The Wicked Deep, by Shea Ernshaw
Like many other reviewers out there, this book left me conflicted. Some things were done very very well. Others less so. I went into the book enjoying it immensely, but found myself souring on it around midway through the book.
Firstly, for me anyway, I found the twist to be very obvious. Like, maybe a few chapters in I was absolutely certain I'd figured everything out. And I had. And it's interesting, but I get no enjoyment out of figuring out twists beforehand. I enjoy being a gullible reader. I WANT the book to take my breath away, to make me drop it in surprise (I do this an awful lot), so I'm disappointed when I've figured it out. That being said, I have also read that many people WERE that surprised with the twist, so I think for some this will still be a plus. This is a book with a twist, just one that is pretty guess-able.
The absolute best part of the book is the cool setting and atmospheric writing. This checks all my boxes of what I want in a creepy book. Spooky town, where all the townsfolk seem to be in on a secret - check! Seaside village - check! I don't know what it is about seaside villages, but anytime I read a book set in one, I feel pretty confident I'm going to love it. And I've never lived in a seaside village - although maybe that's the appeal, it seems so exotic. The Pacific ocean is basically another character in the book, powerful and changeable and everlasting, drawing everyone in by the end.
It just makes you want to breathe in the chill salty air and spend some time there. Five stars for setting and atmosphere, almost worth the read just for that.
The concept itself is awesome: a curse, a haunted town, the girls who return each year to exact their revenge. Yes, yes and yes. I am all in at this point. In some ways it reminded me of Stephen King's Bag of Bones, where the descendants of the evildoers are cursed by their ancestor's actions, and seem to have no way or even desire to change their terrible fate. When they start singing their siren song at sunset, I had chills. Chills! At this point all is very cool.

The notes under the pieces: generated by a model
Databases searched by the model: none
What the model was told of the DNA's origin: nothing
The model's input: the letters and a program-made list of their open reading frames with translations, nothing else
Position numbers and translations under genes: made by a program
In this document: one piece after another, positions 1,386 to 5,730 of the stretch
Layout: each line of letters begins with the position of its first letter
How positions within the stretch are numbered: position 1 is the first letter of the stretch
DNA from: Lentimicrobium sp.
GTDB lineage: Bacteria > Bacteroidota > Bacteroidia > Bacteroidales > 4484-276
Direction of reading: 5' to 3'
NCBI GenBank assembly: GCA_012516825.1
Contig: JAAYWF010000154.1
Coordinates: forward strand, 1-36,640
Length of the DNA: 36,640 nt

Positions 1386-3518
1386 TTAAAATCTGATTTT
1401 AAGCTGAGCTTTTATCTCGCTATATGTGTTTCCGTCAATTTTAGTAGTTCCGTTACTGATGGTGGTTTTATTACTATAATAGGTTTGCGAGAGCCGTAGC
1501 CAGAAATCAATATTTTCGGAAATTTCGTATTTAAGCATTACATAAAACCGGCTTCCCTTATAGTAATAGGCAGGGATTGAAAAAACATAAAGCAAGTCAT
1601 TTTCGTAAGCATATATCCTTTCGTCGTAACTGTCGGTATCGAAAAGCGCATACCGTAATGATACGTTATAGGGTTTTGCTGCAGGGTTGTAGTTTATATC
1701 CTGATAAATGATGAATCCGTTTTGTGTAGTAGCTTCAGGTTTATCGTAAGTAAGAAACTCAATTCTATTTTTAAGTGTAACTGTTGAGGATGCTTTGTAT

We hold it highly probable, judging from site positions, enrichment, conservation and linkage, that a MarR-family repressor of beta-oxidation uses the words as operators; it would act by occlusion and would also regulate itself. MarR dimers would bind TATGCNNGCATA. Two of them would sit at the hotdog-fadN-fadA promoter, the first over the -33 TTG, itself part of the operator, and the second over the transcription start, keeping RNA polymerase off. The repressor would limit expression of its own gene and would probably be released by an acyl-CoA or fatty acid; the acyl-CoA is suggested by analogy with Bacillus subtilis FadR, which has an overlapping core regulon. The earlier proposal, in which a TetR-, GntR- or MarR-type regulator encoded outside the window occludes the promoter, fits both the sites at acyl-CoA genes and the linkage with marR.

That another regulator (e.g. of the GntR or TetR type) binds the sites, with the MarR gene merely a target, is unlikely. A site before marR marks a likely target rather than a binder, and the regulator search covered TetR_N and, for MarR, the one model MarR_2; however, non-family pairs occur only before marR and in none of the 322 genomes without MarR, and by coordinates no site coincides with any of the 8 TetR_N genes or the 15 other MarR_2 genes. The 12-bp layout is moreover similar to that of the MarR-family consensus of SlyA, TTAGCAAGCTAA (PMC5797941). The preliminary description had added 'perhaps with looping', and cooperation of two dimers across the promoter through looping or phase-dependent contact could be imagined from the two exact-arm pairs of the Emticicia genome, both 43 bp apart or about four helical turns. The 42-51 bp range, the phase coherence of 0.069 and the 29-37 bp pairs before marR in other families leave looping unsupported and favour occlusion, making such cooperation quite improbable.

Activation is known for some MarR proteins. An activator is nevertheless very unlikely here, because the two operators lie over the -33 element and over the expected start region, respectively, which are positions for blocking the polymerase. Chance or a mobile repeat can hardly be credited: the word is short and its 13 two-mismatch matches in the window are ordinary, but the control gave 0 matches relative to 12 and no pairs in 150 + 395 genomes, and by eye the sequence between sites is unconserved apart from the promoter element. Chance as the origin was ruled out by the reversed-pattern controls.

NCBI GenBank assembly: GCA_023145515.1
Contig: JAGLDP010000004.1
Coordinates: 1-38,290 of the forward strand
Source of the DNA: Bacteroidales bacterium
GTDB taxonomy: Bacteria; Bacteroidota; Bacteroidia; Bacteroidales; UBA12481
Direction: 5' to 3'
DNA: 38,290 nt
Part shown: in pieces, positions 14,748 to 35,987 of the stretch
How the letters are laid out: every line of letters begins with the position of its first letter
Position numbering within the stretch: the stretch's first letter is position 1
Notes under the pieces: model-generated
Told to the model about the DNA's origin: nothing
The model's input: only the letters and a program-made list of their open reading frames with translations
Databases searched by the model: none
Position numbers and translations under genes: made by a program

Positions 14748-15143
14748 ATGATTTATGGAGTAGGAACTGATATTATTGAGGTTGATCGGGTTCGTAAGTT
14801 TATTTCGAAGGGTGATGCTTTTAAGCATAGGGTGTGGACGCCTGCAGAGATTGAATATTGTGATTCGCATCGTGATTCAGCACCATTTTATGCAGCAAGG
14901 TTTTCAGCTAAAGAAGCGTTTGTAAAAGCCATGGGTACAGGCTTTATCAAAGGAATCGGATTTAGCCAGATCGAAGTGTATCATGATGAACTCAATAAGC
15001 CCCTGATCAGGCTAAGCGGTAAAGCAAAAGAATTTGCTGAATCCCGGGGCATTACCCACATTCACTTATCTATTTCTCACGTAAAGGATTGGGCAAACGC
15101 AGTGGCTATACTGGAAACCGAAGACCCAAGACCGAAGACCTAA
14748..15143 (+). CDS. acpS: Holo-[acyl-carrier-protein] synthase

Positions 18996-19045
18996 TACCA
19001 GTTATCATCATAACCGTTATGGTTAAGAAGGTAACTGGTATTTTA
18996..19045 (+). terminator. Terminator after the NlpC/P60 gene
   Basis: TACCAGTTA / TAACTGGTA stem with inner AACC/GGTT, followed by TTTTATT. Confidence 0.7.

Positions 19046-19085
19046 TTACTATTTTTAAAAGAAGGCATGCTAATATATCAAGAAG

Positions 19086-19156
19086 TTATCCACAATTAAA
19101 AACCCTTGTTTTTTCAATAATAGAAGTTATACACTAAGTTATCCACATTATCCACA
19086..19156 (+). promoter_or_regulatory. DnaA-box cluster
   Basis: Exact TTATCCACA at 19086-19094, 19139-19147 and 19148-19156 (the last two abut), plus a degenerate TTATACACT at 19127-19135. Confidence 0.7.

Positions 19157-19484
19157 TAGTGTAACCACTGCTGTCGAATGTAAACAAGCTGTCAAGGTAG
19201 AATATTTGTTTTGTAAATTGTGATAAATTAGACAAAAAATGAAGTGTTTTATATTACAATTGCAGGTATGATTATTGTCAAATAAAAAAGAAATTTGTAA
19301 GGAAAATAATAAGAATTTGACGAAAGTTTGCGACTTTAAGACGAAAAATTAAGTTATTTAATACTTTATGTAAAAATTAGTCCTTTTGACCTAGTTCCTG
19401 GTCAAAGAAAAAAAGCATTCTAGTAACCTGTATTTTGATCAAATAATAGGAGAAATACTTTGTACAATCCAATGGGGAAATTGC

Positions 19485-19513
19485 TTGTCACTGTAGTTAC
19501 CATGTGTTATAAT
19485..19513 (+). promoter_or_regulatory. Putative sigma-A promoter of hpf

I also loved the cursed sisters and enjoyed the flashbacks to their lives hundreds of years ago, whether or not it was very realistic. My favourite passage was when they were first arriving to the town, ploughing through the waves of the ocean as they dare life to try to stop them - beautiful.
"Hazel stuck out her tongue to taste the sea, imagining a perfume that smelled just like the open ocean - crisp and clean ... The sisters leaned into the railing, urging the ship forward as it pushed on into the night, through gales and strong currents and unfavorable winds, the moon chasing them. They saw something out in that vast sea, in the dark as the ship speared across the Pacific: the promise of something better."
There are some holes, though, that starts to break up the magic of the writing. For example, why on earth are the townspeople staying in the cursed town? Now, if I were the mother of a son living in a town were many many boys are stolen and drowned ... I would not be there. I would grab my son and hightail it out of there, immediately if possible. It is simply irresponsible to stay. In fact, I would call it negligence. Because it's not as if they villagers are trying to convince themselves this doesn't happy. They all agree that, yes, boys will be drowned every year on purpose in this town. Nods all around, I guess there's nothing we can do.
Then there's the romance. This has the problem of Insta love, without a charming or attractive male lead to lend this any credence. All I could think was um, no. Bo is a surly drifter. No, you cannot come live with me on my island. I don't want him to be my boyfriend, and I'm pretty sure that Penny doesn't either.
Which kinda leads to the biggest problem out there. There are spoilers here on out, so if you haven't read The Wicked Deep, and would like to keep that surprise intact, then look away! And maybe go read it, or maybe read something else, that is up to you!
The big twist is that one of the sisters (Hazel) is actually in Penny's body, and the whole time the main character isn't who we think it is (except if you are me, you do think it is). She wants to take over Penny's body and life like a bad guy, but then in the end she decides to sacrifice herself in atonement for all the people she's killed through her unlife. I think this is the right ending. But there are some MAJOR problems, and some definite trigger warnings for rape and lack of consent. Hazel-as-Penny has a sexual relationship with Bo. Meaning Penny's body is doing all kinds of things she didn't consent to. It's icky. While you get the sense that Penny herself is a virgin, that this would have been her first time with someone, but I think it's icky no matter what.
And then ... Bo stays with Penny, even though he was in love with Hazel. Why? Why? Why doesn't he leave that poor girl alone. I wished that Penny took her mother by the hand and gotten the hell out of that creepy town, with or without the ghosts. Instead, she ends up with a man who loved somebody else in her own body, and she never knew. It was all just ugh to me.